• A maximum of 250 copies may be made of any one article from an issue of a newspaper
  • All copies must be marked “NLA licensed copy. No further copies may be made except under licence”

Please note that although the licence allows for the making of digital copies, these must be deleted within 28 days after publication: this provision is intended primarily for the circulation of press cuttings.

For further details see the NLA media access website.

TV & radio broadcasts, DVDs and videos

The University has an ERA Licence from the Educational Recording Agency which permits off-air recording for educational purposes of radio and TV broadcasts, as well as cable output of ERA members: BBC, ITV, Channel 4 and E4, Channel 5, the Open University and others. For further information see the Educational Recording Agency website.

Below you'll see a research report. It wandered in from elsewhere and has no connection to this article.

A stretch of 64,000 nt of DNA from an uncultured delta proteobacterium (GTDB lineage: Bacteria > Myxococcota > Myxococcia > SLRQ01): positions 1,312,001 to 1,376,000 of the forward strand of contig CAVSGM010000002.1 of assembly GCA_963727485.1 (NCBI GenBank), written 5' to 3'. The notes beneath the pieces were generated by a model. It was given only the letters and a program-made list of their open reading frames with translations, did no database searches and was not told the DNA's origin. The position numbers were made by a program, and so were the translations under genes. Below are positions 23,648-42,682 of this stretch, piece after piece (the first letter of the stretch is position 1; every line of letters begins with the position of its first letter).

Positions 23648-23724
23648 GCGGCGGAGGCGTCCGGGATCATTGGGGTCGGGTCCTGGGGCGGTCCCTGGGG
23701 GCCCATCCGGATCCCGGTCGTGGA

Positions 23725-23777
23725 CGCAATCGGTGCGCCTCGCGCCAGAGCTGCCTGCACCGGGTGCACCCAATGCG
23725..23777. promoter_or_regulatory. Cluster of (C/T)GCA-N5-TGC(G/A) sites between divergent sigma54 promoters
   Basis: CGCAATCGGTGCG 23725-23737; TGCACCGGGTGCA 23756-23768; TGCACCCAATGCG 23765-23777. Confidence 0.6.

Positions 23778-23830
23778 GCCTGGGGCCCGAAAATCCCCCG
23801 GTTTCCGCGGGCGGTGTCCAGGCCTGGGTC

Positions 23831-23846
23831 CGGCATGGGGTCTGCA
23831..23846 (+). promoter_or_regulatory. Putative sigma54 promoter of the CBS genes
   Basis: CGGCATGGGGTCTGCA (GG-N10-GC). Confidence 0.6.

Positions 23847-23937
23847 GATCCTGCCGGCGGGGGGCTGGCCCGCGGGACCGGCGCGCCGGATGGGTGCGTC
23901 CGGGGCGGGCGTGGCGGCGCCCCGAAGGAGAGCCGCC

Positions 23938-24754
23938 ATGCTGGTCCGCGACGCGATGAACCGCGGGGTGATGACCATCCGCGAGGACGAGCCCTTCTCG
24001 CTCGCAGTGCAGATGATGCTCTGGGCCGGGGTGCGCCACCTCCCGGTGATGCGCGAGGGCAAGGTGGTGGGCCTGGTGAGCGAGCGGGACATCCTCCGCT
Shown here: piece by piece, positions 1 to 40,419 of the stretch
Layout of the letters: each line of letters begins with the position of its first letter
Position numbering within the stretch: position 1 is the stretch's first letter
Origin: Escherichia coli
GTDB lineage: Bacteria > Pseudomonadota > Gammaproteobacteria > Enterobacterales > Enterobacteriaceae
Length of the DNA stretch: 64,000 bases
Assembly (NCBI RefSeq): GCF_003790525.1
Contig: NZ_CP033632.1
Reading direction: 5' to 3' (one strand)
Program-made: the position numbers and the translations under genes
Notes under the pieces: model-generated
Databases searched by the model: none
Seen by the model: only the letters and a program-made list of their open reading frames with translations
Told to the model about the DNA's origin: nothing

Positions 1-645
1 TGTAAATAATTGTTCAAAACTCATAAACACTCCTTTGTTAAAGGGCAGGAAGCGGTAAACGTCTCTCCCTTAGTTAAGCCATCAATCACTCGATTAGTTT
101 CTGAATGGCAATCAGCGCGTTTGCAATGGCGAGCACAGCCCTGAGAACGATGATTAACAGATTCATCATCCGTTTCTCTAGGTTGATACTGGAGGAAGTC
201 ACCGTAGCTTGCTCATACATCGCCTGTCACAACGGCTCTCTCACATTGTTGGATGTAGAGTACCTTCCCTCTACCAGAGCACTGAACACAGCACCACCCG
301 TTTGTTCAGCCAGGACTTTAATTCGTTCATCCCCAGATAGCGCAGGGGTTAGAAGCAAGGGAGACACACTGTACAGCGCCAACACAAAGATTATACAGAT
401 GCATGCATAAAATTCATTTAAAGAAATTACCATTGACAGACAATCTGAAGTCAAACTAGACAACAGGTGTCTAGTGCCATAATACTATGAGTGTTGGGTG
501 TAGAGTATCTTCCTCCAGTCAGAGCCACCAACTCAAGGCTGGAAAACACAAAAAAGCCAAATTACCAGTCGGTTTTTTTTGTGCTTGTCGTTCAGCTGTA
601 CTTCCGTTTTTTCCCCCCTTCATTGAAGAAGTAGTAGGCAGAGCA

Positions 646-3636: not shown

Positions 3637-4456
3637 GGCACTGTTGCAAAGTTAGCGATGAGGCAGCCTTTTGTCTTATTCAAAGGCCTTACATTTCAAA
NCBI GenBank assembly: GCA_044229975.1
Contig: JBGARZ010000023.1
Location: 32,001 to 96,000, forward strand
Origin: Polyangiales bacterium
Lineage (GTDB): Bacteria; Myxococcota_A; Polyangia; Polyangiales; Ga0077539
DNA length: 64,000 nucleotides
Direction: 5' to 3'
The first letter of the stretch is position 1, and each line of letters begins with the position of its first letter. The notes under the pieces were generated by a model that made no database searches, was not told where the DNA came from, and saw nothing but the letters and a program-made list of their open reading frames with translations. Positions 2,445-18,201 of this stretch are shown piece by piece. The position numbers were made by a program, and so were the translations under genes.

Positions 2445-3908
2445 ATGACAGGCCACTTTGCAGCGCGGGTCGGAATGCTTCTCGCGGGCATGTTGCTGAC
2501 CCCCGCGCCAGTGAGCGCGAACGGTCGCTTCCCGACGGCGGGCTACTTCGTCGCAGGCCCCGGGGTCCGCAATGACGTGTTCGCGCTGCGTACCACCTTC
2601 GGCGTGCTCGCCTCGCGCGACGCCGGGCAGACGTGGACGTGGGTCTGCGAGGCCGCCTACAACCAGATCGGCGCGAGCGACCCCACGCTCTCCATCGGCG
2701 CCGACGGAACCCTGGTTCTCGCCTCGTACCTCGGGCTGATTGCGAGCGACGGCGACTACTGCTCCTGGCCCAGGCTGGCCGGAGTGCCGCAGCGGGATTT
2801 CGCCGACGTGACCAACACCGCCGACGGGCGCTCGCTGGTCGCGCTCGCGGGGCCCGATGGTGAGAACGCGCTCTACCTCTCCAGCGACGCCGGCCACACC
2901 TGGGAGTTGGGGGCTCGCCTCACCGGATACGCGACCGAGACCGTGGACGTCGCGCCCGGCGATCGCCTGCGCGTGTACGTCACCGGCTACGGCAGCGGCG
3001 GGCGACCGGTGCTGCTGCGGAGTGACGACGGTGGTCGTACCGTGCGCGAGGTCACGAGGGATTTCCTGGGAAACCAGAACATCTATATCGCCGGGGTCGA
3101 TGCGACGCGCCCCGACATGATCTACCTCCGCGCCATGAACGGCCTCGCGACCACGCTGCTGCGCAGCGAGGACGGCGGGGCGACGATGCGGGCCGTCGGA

You can make and store digital recordings on the Box of Broadcasts National service (accessible with your University of Surrey user account details): these can be played in a lecture or distributed to students in the UK via SurreyLearn. For queries about BoB National contact the Department of Technology Enhanced Learning, email

The ERA Licence does not cover the copying of commercially produced pre-recorded DVDs, videos, and CDs: these may be played in a lecture but not made available via SurreyLearn.

Ordnance Survey maps

The University subscribes to the online Digimap service, through which educational use may be made of Ordnance Survey digital mapping data: it may be distributed to students in printed form or online via a secure network like SurreyLearn. For further information see the Ordnance Survey website.